I must tell you of my culinary romance with Pier 46 Seafood in Templeton. Owned and operated by Eric Gonzales and Tony DeGarimore, who have created a fish market and seafood food utopia that makes me fall in love every time I visit. At Pier 46, their desire is to share all their expertise with their customers, and to stay on the forefront of environmentally sustainable products. They buy directly from the boats and hand cut most of the product in house.
I special ordered Oysters to do a side-by-side comparison of four different kinds (this was a bet with my best friend Kathy, who stodgily said that Blue Point were the finest mollusk to ingest, I was out to prove her wrong). They presented us with twelve oysters on the half shell, freshly plucked out of the tanks of seawater keeping them vibrant and alive.
First my process: Each oyster is rinsed in champagne (A Spanish Cava provided by 15 Degrees Wine Wine Bar right across the parking lot), a dab of mignonette sauce (which is coarsely ground black peppercorns, red wine vinegar, chopped shallots) and then slurped them down. Gary goes a bit more flavor forward and adds a dab of horseradish, a dash of tobacco and a squeeze of lime.
My favorites are The Tomales Bay Oyster Company that is California’s oldest continuously run shellfish farm located on scenic highway one in Marshall, California. The Tomales Bay is considered the “last undamaged bay in California” and we discovered it while our friends were living in Dillon Beach. It was nothing for us to polish off five dozen oysters in one afternoon.
Still rarities on East Coast menus, Kusshis are all the rage out West, due to their small size and ultra-clean flavor. Grown by Keith Reid, a highly innovative grower in Deep Bay, outside Vancouver, Kusshis are grown in floating trays and tumbled very aggressively. This breaks off the thin growing edge and forces them to deepen and thicken their shells. The resulting oyster, called a Kusshi, Japanese for “precious”.
The last was from local waters, the Morro Bay oysters. Uniform in size and sweet in taste, I think these will be a new hit around here. Bottom line, all were better and more flavorful than Blue Points, we agreed. At Pier 46, they have fresh and local Sushi-grade fish everyday, with live tanks filled with crabs, lobsters, clams, mussels, shrimp, and more.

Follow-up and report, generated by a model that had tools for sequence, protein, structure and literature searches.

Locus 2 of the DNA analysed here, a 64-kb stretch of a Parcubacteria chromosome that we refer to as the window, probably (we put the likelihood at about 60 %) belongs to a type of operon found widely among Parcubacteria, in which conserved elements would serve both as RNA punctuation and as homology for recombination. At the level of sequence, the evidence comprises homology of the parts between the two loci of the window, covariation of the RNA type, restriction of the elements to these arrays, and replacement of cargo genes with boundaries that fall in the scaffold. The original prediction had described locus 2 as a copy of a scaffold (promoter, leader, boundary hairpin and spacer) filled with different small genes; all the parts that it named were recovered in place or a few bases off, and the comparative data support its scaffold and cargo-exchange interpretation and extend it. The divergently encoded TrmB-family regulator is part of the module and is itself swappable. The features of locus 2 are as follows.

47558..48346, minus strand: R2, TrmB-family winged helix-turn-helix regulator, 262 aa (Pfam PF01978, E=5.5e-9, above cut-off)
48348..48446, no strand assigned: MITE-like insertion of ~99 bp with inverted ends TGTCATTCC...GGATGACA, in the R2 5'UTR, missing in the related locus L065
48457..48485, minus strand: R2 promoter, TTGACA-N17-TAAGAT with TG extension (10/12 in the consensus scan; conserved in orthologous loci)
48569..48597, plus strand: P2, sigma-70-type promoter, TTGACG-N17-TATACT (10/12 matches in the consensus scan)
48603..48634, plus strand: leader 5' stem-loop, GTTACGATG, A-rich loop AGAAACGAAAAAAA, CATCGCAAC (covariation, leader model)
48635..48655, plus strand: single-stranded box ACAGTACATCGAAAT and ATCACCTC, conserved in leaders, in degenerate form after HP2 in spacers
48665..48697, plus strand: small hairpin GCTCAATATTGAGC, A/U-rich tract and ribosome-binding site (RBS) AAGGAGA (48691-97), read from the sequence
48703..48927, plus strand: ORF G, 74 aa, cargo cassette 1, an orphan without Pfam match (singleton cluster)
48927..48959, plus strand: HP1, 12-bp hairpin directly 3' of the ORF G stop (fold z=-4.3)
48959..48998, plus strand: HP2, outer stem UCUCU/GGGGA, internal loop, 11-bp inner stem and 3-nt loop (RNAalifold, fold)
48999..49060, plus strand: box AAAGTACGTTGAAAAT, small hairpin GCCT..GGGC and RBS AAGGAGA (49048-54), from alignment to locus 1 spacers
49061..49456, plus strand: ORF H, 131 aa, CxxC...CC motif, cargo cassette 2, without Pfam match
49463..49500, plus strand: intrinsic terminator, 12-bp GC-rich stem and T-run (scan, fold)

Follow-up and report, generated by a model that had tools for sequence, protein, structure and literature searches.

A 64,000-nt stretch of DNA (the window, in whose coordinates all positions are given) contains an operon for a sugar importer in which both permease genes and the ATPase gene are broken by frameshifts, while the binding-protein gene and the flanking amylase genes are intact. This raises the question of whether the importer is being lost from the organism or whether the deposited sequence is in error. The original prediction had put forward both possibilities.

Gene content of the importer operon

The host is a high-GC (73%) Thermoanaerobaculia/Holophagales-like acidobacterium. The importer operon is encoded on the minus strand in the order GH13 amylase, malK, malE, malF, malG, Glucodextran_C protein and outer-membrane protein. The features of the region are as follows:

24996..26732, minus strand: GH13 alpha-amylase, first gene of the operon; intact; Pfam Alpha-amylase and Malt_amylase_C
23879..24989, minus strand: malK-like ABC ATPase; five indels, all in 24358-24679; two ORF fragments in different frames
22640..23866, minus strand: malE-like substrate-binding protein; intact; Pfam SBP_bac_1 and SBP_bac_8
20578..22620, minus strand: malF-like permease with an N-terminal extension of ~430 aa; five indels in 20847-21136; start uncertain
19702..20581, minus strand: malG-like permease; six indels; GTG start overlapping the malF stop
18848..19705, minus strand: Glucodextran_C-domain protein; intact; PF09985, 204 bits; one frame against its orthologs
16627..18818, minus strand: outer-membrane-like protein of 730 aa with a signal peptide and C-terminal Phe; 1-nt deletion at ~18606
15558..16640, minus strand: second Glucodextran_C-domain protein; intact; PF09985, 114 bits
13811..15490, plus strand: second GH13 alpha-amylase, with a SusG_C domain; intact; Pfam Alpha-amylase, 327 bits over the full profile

After the tasting, we were ready for real food, so Gary had the lobster roll, with fresh cooked lobster in a fluffy bun with salad and truffle fries (garnished with a black truffle salt). It was phenomenal. My friend had the pecan encrusted local red snapper dinner, with wild rice and herb vegetables; she said it tasted like the sea. We shared some awesome crab cakes, served on a bed of mixed greens with cherry tomatoes and two sauces. They were flawlessly done. The fish tacos were served with warm tortilla strips, shredded cabbage, pepper jack cheese, cilantro, and a spicy sauce with limes on the side. I went for my favorite dish, the Ahi Taco’s. These delectable treats call me over the Grade more times, than I can count. Chopped and super fresh raw Ahi steaks are laid atop a delicious cabbage slaw with flax and sesame seeds. The shell is a fried wanton and the sauce drizzled on top is a wasabi aioli. Pure unadulterated Neptune’s heaven.
With a bottle of Dr. Loosen Riesling, I let my mermaid side emerge. These victuals will force my car over the Grade to consume them weekly. You can come here for a full meal or just to pick up a fresh fish. Pier 46 Seafood is located at 1131 Rossi Road in Templeton. They are open Monday thru Saturday from 10:00am to 7:00pm and Sundays from 11:00am to 5:00 pm, or call them at (805) 434-1950.